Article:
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A Myriad of Possibilities – How 3D printing is broadening the horizons for the events and exhibitions industry already

Technology, ever since we have known it, has remained new. With its power to constantly amaze, it never grew old on us. Change being the only constant about it; technology would just never cease to astonish! Just when we begin to have a feeling that we have come a really long way with it, it overwhelms us yet again, with something totally new and unprecedented!Technology never fades. It just keeps evolving.

The technological marvel of the 21st century has been the merging of digital and physical; bringing us on the cusp of the ‘Digical’ (Digital + Physical) world. The smartness that begun with the Smartphone, went on to submerge us into its digital world through Virtual reality. And even though we were yet to have our fill (of it), it has now moved on to bring the immersive elements from the digital world, out into the real!

Enter 3D printing: the art of creating physical 3-dimensional objects in real time, out of digital images. Also known as additive manufacturing, it is the process of creating physical objects by laying down successive layers of material until the object is created. From biomaterials for advanced medical research to 3D-printed food products, the new form of manufacturing is making its impressions in every industry.

3D printing is turning out to be the next big thing in the events industry. From scaled display models and booth design; to saving significant time and resources, overcoming human error and eliminating the ‘not-possible’ factor in the design process – The scope of 3D printing is immense in the trade.

Dimension to Imagination

Developing the design concept is the trickiest part when it comes to events and shows. The process is both time and resource consuming, and could prove to be an expensive proposition especially when you are not sure if the design will please the bosses (yes, client is the boss!): you might have to create and recreate!

With conventional methods of manufacturing, prototyping – more often than not; results in a huge waste of resources. 3D printing offers a better way to test the waters without betting the whole farm, and the whole design and experimentation part is done digitally, and actual production, and/or fabrication only takes place once all the chips have fallen in place, saving substantially on the resources.

Not only is the 3D way economical, but efficient as well, taking a lot less time in the design conceptualization and realization, with actual manufacturing happening for the final stage unlike the traditional manufacturing technologies requiring molds to be created, before manufacturing the actual object.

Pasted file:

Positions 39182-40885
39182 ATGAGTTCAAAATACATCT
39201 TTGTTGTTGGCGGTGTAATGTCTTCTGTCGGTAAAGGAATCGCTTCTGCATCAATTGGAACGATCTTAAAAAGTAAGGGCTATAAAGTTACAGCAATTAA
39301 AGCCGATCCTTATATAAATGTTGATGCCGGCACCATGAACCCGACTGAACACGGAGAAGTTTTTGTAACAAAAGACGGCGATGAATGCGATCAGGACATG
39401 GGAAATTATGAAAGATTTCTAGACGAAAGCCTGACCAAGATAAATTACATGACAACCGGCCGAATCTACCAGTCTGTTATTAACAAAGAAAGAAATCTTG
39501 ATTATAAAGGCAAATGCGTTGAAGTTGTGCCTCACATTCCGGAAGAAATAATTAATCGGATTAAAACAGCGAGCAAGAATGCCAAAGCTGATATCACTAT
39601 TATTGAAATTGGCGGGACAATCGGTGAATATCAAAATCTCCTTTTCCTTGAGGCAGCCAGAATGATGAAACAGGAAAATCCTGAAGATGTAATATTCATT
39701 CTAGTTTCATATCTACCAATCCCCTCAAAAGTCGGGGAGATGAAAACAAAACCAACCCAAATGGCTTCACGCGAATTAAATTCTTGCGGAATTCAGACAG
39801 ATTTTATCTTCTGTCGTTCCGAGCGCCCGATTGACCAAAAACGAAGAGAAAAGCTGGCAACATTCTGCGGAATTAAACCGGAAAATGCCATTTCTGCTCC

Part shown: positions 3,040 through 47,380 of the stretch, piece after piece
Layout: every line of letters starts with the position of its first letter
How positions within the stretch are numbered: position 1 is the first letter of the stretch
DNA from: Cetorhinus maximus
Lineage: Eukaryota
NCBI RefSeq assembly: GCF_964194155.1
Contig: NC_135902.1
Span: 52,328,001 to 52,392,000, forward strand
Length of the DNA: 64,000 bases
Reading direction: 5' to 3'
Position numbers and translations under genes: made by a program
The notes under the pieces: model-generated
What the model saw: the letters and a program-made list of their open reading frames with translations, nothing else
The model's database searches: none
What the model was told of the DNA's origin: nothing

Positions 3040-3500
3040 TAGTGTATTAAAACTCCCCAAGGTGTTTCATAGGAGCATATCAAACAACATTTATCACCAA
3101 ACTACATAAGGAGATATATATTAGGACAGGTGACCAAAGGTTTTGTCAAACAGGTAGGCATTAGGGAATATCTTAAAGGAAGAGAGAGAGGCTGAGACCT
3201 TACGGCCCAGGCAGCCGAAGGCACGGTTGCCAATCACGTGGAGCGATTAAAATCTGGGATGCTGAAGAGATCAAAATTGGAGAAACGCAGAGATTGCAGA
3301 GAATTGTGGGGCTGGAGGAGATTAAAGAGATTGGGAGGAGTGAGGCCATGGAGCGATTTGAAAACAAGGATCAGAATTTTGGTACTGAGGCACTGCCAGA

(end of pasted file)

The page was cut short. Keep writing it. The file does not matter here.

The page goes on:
Another outstanding aspect of3-D printing is that complexity doesn’t come at a price. 3d-printing creates opportunities in product design; not achievable with other conventional forms of manufacturing.

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From a joint-less structure to object within object; complex patterns, and shapes are possible to be incorporated into the designs, with no extra input of efforts or resources. The printer does it all by itself!

The story could surely move on to the entire booth fabrication via 3D-printing, in the near future!

Check out the 3-D printed SAP Live Airport created by Miraj Media

Lower Fixed Costs

A thousand units or just one: the investment remains the same with 3D-printing, unlike conventional manufacturing methods, relying on the efficiencies of mass production – where objects have to be produced in bulk to justify the set-up costs (and high volume of human input), a factor that brings the 3 D-printing hugely in favor of the events and exhibitions industry, as production here is almost small scale.

3D-printing needs little more than the necessary raw material, and the digital blue print (3D scanned, or CAD image) to manufacture.

3D-printing also results in significantly lesser wastage of resources compared to the other manufacturing methods.

In contrast to the conventional manufacturing processes which are subtractive (starting with a block of material, and chiseling it down to final intended shape), resulting in considerable loss of raw material as waste; 3D-printing is additive, implying it uses exact amount of raw material required in its layer-by-layer manufacturing, with minimal to no scrapping of resources.

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Additionally, 3D-printer saves on the volume of the materials utilized, being is inherently lean; reducing the amount of material needed and even repurposing materials already used.

Still, in its nascent stage, the 3D-printing holds so much promise for the events and exhibitions industry. There is already a wide range of printers, for a wide variety of applications, and using a wide variety of materials – from plastics to metals, to even chocolate.

In a span of a few years, the 3D-printer has moved from being an expensive hundred thousand bucks technology – meant for the privileged few; to being a popular-priced common gadget. With its current pace of progress, the future 3D-printing surely looks bright!